Sampling Techniques[4]

Cochran, W.G. (1977)

This resource comprehensively discusses sampling theory as it applies to sampling surveys. The following topics are covered in detail:
  • Simple random sampling
  • Sampling proportions and percentages
  • Estimation of sample size
  • Stratified random sampling
  • Ratio and regression estimators
  • Systematic sampling
  • Cluster sampling
  • Double sampling
  • Sources of error in surveys.

Protection of Human Subjects

Policy and Guidance, Office of Human Research Protection [5]

U.S. Department of Health and Human Services (2014)

The Office of Human Research Protection provides a wide range of information on the proper procedures for conducting federally sponsored research involving the participation of human subjects. The following topics are addressed in depth:
  • Protocols for obtaining approvals
  • Guidance for institutional review boards (IRBs)
  • Informed consent requirements
  • Collection of biological materials and data
  • Investigator responsibilities
  • Working with vulnerable populations (e.g., children, prisoners, etc.).

Conducting Data Analysis

Effective Experiment Design and Data Analysis in Transportation Research (NCHRP Report 727)[6]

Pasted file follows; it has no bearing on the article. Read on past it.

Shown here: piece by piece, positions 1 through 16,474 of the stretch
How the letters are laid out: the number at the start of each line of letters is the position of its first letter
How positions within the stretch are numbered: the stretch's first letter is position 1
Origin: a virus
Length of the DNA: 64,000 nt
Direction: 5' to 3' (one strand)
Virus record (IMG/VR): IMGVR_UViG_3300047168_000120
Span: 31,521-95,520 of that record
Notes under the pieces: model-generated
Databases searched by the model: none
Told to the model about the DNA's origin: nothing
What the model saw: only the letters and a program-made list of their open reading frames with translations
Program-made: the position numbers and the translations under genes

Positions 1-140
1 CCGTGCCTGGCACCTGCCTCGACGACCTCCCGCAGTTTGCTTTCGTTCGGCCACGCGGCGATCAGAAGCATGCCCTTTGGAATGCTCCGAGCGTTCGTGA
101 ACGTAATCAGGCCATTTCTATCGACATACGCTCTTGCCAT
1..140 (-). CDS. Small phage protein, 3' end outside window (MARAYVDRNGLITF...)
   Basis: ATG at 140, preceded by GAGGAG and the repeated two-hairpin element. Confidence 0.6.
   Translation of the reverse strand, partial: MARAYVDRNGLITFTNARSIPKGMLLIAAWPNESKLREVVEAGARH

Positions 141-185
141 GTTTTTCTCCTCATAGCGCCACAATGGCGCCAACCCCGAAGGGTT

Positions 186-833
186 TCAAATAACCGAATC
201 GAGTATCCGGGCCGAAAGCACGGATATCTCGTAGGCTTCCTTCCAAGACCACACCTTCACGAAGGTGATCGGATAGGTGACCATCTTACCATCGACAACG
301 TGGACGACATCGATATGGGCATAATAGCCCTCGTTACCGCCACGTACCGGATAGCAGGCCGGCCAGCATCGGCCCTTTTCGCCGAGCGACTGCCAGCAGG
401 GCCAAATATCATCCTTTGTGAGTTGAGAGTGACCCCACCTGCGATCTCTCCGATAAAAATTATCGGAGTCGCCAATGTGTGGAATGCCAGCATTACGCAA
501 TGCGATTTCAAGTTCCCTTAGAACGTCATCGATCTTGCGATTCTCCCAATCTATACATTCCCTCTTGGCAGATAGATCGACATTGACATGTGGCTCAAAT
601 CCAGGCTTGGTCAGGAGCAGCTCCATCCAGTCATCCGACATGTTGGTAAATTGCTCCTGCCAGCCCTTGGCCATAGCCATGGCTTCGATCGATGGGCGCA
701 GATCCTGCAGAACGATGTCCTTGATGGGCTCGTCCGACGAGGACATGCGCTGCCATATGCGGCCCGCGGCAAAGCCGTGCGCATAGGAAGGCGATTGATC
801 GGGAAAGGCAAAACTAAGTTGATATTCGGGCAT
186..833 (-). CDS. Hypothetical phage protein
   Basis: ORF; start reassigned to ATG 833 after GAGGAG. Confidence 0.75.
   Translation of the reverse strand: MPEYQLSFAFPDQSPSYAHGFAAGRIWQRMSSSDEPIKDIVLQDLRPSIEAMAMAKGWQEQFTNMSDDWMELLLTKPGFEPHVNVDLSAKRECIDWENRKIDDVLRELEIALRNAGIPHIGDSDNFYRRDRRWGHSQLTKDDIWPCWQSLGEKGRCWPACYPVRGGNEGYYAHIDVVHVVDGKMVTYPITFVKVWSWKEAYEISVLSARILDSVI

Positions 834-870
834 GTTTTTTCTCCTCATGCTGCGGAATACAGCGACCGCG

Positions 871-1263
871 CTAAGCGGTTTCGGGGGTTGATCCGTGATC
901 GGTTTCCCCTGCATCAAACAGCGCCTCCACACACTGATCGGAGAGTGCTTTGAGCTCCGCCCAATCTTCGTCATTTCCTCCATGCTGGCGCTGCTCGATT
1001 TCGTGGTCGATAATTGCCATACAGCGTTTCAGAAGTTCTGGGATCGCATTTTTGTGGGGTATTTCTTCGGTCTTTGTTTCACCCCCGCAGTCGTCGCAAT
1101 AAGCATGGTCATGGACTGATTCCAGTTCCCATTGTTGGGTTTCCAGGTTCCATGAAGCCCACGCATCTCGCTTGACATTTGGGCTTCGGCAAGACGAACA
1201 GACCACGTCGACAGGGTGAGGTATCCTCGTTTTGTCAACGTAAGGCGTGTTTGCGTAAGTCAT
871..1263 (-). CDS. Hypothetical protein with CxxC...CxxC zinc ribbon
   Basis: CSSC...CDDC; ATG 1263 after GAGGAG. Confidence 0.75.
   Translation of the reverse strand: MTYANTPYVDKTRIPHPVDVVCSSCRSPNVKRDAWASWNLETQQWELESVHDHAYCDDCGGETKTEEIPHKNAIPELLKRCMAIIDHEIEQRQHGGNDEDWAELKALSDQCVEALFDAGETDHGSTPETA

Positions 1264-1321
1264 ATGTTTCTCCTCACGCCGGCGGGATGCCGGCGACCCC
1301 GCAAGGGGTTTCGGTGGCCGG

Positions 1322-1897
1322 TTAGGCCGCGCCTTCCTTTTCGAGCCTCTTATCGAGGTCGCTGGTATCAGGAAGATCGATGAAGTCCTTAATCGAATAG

Lyles, R.W., et al. (2012)

This report is a companion piece to NHCRP 20-45, Scientific Approaches to Transportation Research (referenced above). In addition to describing the factors that must be considered in designing an experiment, this report provides 21 examples of typical transportation-related studies. The following techniques are discussed at length in this report:
  • Descriptive statistics
  • Fitting distributions/goodness of fit
  • Simple one- and two-sample comparison of means
  • Simple comparisons of multiple means using analysis of variance (ANOVA)
  • Factorial designs (also ANOVA)
  • Simple comparisons of means before and after some treatment
  • Complex before-and-after comparisons involving control groups
  • Trend analysis
  • Logit analysis
  • Survey design and analysis
  • Non-parametric methods.

Analyzing Naturalistic Driving Data

Feasibility of Using In-vehicle Data to Explore How to Modify Driver Behavior that Causes Nonrecurring Congestion (S2-L10-RR-1)[7]

Rakha, H., et al. (2011)